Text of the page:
Federal IT's next act

This is a time of transition for the federal IT community, in more ways than one.

Three years into the Obama administration, the excitement about new ways of doing business has given way to the inevitable shakeout, as some ideas fall by the wayside and others begin to take hold.

Along the way, concerns about the growing federal deficit and a high-stakes stand-off over the debt ceiling have led to persistent questions about the size and mission of the federal government.

The administration has already instituted a pay freeze for federal employees, and Congress has considered several other measures that would reduce personnel costs through reductions in staff size and changes in pay. And let’s not forget the 2012 presidential elections.

What all this means for the federal IT community remains to be seen. But one way or another, change is coming. With that in mind, we talked with experts around the community to get their sense of what they expect to see in the next act of federal IT.

Tech's future is managing data, not devices
The focus on leveraging 'big data' will drive agencies toward buying more pre-integrated IT solutions.

Budget worries loom large for DOD IT future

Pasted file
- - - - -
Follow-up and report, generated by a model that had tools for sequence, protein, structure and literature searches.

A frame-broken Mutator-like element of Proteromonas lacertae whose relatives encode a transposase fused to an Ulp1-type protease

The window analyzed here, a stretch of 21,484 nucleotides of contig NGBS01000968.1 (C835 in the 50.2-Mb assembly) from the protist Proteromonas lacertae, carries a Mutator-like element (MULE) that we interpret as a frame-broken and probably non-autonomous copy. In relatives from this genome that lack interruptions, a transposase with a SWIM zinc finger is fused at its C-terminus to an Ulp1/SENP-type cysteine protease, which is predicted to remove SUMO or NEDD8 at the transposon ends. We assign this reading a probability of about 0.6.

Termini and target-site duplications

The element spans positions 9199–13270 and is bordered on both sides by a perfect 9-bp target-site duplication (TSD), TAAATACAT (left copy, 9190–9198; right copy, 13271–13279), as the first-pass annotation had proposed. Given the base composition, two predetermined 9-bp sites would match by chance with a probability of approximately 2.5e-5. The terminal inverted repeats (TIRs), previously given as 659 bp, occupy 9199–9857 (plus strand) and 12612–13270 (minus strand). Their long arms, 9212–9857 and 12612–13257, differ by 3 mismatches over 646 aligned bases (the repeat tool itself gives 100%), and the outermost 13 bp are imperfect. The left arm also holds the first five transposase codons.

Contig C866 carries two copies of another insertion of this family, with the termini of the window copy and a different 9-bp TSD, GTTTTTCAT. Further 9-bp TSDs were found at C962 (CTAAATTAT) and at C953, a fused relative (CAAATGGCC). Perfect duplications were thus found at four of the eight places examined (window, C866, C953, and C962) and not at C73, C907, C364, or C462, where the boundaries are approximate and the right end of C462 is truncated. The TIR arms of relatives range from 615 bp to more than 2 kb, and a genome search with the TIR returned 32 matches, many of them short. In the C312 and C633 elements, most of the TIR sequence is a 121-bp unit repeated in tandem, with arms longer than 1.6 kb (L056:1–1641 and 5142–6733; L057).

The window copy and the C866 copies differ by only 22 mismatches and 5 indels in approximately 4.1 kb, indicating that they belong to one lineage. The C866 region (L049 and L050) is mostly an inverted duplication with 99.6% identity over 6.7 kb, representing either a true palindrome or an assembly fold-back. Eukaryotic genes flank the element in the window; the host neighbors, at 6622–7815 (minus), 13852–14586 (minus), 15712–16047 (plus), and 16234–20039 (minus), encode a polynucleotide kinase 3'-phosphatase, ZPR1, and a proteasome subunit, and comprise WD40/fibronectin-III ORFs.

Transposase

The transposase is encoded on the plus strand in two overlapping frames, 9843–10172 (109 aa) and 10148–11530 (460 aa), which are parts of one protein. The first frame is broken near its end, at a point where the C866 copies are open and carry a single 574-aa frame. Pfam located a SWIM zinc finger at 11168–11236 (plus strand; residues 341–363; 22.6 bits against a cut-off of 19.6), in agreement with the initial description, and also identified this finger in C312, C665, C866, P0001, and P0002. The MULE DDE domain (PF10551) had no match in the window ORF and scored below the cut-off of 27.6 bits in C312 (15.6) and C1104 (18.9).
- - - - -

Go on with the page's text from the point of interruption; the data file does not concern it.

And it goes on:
Defense officials are looking to IT to lead the way in innovative efficiency.

Gov 2.0 expectations could outrun reality
Devices, data and apps are proliferating, but the defining factor for the next wave will be how useful they are.

Workplace flexibility could expand dramatically soon
Could a management philosophy that shuns traditional ways of thinking about work soon be a reality for the federal workforce?

Procurement shops to become more automated
The regulatory-laden federal procurement process is tough to turn in any new direction, but younger employees and tighter budgets might move it slightly.

Read more of the 2011 Federal List.

About the Author

Technology journalist Michael Hardy is a former FCW editor.

Featured

  • Cybersecurity

    DHS floats 'collective defense' model for cybersecurity

    Homeland Security Secretary Kirstjen Nielsen wants her department to have a more direct role in defending the private sector and critical infrastructure entities from cyberthreats.

  • Defense
    Defense Secretary James Mattis testifies at an April 12 hearing of the House Armed Services Committee.

    Mattis: Cloud deal not tailored for Amazon

    On Capitol Hill, Defense Secretary Jim Mattis sought to quell "rumors" that the Pentagon's planned single-award cloud acquisition was designed with Amazon Web Services in mind.

  • Census
    shutterstock image

    2020 Census to include citizenship question

    The Department of Commerce is breaking with recent practice and restoring a question about respondent citizenship last used in 1950, despite being urged not to by former Census directors and outside experts.

Stay Connected

FCW Update

Sign up for our newsletter.

I agree to this site's Privacy Policy.